AN ABSTRACT OF THE
Steven H. Harwood
for the degree of Master of Science in Entomology
presented on December 14 I987,
Oregon State University
Title: Toxicity of Peppermint Monoterpenes to the Variegated Cutworm, Peridroma saucia
The toxicity of menthol, menthone, pulegone, limonene, and alpha-pinene, five monoterpenes
found in peppermint (Mentha piperita L.), to the variegated cutworm (Peridroma
saucia Hübner) was characterized by in vivo and in vitro methods.
Pulegone and menthone caused slower growth over
six days when incorporated into an artificial diet and fed to fifth stadium larvae.
Reduced growth was likely the result of the significant antifeedant properties observed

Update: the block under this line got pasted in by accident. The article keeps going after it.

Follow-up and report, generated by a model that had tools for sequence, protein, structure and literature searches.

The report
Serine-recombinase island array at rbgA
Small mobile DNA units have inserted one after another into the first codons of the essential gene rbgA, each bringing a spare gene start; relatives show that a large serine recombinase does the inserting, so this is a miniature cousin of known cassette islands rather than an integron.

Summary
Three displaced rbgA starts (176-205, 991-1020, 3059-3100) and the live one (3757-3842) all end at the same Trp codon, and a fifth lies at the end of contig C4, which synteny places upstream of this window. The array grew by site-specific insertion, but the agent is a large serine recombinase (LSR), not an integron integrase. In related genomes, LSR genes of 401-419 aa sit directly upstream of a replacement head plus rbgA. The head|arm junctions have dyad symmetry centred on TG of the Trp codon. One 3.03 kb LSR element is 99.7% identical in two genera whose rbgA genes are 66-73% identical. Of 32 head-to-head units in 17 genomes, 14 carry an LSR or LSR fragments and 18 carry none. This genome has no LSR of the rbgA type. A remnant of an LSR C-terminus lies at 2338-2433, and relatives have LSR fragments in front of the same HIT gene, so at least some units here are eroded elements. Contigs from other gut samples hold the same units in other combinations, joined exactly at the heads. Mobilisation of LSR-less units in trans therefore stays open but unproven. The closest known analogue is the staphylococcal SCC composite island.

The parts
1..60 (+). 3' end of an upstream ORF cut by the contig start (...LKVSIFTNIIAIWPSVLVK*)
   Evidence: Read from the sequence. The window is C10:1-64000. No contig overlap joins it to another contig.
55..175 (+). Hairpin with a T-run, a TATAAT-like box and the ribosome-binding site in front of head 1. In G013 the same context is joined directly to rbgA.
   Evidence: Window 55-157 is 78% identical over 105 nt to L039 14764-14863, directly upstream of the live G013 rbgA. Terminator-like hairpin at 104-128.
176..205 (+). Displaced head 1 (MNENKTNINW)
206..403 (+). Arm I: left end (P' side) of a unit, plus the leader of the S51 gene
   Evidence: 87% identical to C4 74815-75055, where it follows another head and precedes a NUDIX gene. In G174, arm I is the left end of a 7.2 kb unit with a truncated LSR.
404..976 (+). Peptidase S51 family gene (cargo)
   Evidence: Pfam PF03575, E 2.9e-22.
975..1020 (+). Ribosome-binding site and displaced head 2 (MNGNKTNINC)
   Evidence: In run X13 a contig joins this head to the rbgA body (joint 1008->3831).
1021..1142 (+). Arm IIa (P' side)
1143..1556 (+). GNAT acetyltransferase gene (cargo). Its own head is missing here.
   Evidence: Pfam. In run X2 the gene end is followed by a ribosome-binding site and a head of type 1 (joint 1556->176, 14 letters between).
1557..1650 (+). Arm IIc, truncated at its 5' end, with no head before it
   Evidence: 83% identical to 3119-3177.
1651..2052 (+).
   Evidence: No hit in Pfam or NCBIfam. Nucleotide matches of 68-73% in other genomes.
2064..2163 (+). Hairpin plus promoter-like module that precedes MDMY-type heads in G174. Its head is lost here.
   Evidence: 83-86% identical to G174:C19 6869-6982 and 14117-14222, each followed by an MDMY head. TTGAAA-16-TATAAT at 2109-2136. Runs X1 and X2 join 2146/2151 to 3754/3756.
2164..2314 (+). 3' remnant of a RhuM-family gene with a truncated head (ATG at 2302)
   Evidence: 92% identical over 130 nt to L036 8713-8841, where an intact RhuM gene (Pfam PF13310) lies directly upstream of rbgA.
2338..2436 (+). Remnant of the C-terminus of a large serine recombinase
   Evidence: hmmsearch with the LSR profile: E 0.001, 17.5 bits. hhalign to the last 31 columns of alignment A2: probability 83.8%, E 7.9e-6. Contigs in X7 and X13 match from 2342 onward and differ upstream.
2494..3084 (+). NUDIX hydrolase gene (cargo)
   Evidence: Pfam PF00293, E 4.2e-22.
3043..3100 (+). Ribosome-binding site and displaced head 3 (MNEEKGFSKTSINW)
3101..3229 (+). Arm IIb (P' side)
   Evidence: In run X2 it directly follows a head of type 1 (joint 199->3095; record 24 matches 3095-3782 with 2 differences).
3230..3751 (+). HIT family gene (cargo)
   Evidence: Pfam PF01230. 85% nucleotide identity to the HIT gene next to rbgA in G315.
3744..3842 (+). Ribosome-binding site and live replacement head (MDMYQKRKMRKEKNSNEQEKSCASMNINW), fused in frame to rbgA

for these compounds.
Menthol, the dominant monoterpene found in peppermint leaves caused molting and pupation
inhibition when incorporated in the diet over the dosage range comparable to that found in
plants (0.05% to 0.2%). Limonene at a dose of 0.2% caused significant inhibition of
pupation, but otherwise had little effect on growth or survival. Alpha-pinene had no
effect on pupation, growth or survival over a dosage range of 0.05% to 0.2%.
All five monoterpenes were metabolized in vitro by the cytochrome P450 dependent
polysubstrate oxidase system, however piperonyl butoxide did not synergize their toxicity
in vivo. Neonate larvae were more sensitive to oral administration of these monoterpenes
than were fifth stadium larvae.
These experiments suggest that monoterpenes in
peppermint leaves could cause mortality to neonate variegated cutworm larvae.